Great email question from Ann: Are smoothies healthy?
Answer: Well, no, usually not.
A lot of smoothies are purchased at coffee or smoothie shops and ice cream joints. The problem is that most of these blended drinks are full of sweeteners, some kind of milk or ice cream, artificial flavors, perhaps some food coloring and preservatives and a bit of pulverized fruit (if they contain any fruit at all). Though some smashed-up fruit can be healthy, the berries or bananas lose their nutritional punch when they’re whirled with a bunch of chemicals and sugars.
At Caribou Coffee, they’ve been hyping their “Acai Smoothie.” The signs at Caribou read: “Naturally Chill. Real fruit. Zero trans fats. And all that tropical anitoxidant goodness.” But, with 72 grams of sugar and 330 calories in the small size, the nutritional benefits get overshadowed by the calories and sugar rush.
Most research suggests that liquid beverages do not provide satiety like a food that must be chewed and swallowed. So, these high-calorie smoothies may not be squelching hunger like a healthy snack or a real meal could.
At a place like Jamba Juice, you could sip down 108 grams of sugar and 770 calories for the original size of the Peanut Butter Moo’d. The peanut butter will give you a bit more satiety from the fat (20 grams in this one). But, that’s a lot of calories for a snack… and not nutritionally happy enough to be a meal.
And of course, the ice cream shops are trying to blend fruit into their staple to create something “health conscious.” It’s really not working so well. Baskin Robbins brags on their website about their Mango Fruit Blast Smoothie,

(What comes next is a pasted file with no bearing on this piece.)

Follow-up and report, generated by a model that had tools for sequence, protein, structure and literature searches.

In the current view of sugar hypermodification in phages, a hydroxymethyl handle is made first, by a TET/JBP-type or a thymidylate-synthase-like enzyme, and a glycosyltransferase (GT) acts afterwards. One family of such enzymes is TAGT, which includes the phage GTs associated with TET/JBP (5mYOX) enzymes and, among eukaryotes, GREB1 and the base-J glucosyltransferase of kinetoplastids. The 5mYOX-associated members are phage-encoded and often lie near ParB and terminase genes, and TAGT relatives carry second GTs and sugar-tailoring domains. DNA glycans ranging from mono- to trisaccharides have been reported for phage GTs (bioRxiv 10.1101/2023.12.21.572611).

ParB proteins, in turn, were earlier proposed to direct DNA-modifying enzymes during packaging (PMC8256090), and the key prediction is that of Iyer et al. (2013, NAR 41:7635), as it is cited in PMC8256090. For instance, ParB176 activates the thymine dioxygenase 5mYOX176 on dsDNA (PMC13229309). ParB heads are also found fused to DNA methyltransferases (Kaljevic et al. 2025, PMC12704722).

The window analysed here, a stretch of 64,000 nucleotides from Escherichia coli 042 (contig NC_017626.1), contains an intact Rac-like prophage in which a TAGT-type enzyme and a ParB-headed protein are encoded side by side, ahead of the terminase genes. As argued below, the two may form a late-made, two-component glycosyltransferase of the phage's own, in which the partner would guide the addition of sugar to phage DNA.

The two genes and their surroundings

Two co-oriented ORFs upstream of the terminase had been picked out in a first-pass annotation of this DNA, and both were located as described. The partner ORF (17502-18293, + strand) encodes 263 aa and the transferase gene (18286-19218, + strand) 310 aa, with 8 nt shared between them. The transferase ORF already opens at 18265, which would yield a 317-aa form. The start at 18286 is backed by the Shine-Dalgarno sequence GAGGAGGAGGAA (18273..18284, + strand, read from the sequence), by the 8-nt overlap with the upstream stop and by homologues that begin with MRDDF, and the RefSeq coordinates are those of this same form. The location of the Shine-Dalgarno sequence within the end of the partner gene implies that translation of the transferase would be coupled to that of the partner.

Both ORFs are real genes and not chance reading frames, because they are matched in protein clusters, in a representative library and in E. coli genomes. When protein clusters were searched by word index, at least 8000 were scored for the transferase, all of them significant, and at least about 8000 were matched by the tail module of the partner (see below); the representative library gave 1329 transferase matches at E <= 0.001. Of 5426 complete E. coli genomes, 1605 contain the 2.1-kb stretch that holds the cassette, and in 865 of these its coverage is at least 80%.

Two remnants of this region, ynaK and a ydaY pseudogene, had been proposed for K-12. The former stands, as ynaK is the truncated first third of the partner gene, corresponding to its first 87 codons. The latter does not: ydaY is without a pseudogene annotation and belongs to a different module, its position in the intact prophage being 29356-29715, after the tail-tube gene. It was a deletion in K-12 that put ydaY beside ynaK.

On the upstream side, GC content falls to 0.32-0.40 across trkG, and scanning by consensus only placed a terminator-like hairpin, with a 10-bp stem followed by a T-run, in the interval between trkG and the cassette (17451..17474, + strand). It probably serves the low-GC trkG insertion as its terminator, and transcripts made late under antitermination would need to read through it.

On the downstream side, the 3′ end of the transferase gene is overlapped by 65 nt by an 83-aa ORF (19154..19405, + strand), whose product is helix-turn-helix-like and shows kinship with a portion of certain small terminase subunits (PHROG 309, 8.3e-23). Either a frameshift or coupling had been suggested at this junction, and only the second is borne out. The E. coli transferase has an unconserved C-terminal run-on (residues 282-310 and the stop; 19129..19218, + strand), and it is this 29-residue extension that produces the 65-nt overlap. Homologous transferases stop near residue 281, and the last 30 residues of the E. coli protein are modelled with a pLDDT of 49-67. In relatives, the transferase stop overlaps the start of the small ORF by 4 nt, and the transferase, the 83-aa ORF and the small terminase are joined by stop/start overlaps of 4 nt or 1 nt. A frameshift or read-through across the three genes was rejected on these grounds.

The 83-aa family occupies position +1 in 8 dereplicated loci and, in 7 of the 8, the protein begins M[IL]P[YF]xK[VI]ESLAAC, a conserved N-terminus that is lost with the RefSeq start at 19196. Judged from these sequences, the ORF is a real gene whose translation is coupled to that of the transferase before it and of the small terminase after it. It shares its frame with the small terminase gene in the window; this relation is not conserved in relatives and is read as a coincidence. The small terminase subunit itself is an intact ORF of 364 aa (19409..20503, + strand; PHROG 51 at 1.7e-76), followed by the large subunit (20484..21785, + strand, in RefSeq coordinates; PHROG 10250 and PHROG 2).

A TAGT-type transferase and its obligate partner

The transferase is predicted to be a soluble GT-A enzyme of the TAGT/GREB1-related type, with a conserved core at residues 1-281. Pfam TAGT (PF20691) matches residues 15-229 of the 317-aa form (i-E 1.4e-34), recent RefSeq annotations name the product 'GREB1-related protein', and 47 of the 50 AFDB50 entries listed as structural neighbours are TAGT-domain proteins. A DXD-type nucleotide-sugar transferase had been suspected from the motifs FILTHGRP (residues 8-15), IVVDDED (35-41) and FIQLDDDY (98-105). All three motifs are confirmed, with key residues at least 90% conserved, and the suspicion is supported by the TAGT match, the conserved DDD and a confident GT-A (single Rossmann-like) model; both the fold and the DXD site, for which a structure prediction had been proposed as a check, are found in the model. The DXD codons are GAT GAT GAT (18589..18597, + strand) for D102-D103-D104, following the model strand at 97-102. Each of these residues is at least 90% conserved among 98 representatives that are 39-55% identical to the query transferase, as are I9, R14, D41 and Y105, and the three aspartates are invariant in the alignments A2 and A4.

“Delicious mango fruit blended with fat-free vanilla frozen yogurt for a refreshing taste of the tropics. It’s more than enough to make you say, ‘Yay!’ Made with real fruit and full of live and active cultures.”
I’m gonna have to say “Nay!” on this one. BR failed to inform us that the delicious mango fruit is also blended with (among many other ingredients) four types of sweeteners, preservatives, a bunch of thickeners, yellow 5 and yellow 6. For a grand total of: 144 grams of sugar and 620 calories (for a medium size).
But don’t give up on smoothies if you love them. If you’re out and about and want a smoothie, order the smallest size or split it with a friend. If you’re at a smoothie joint, you could request subbing the juices for whole fruit (e.g. sub mango chunks for orange juice) and sub a low-calorie milk for the ice cream or frozen yogurt. At Jamba Juice, you can often personalize your smoothie and make it low-cal and extra healthy. If you’re feeling frisky, you could even throw a wheatgrass shot into your blend.
At home, I make smoothies for snacks (and sometimes for breakfast) a few times per week. Here are the keys to a healthy smoothie:
Keep your smoothie “bulky” by adding ice and not blending the fruit fully. This will increase satiety and enable you to sort of “chew” your smoothie.
Add a fat. Consider adding one teaspoon of cold-pressed flax or walnut oil, one tablespoon of nut butter, some nuts or a slice of avocado (great in a strawberry smoothie). Or, enjoy a small handful of raw nuts on the side.
Use a soy, almond, rice, etc. milk instead of ice cream or fro-yo. Check the nutritional label to make sure the milk is not sweetened (some of the soy “drinks” can have tons of calories and sugar).
Add spices! Cinnamon, nutmeg, cardamom, ginger, cayenne… get creative! Spices like these are cleansing, healing and can boost energy and caloric burn.
If necessary, add just a bit of natural sweetener.
Throw in a veggie. Spinach, kale and other mild leafy greens work really well (add a small handful of spinach to your smoothie and I promise you won’t even taste it). Squash, pumpkin and carrots are also my favorites to add.
Read more about my favorite smoothies here.
Please share your smoothie recipes below! I’m always looking for something funky to put in the blender…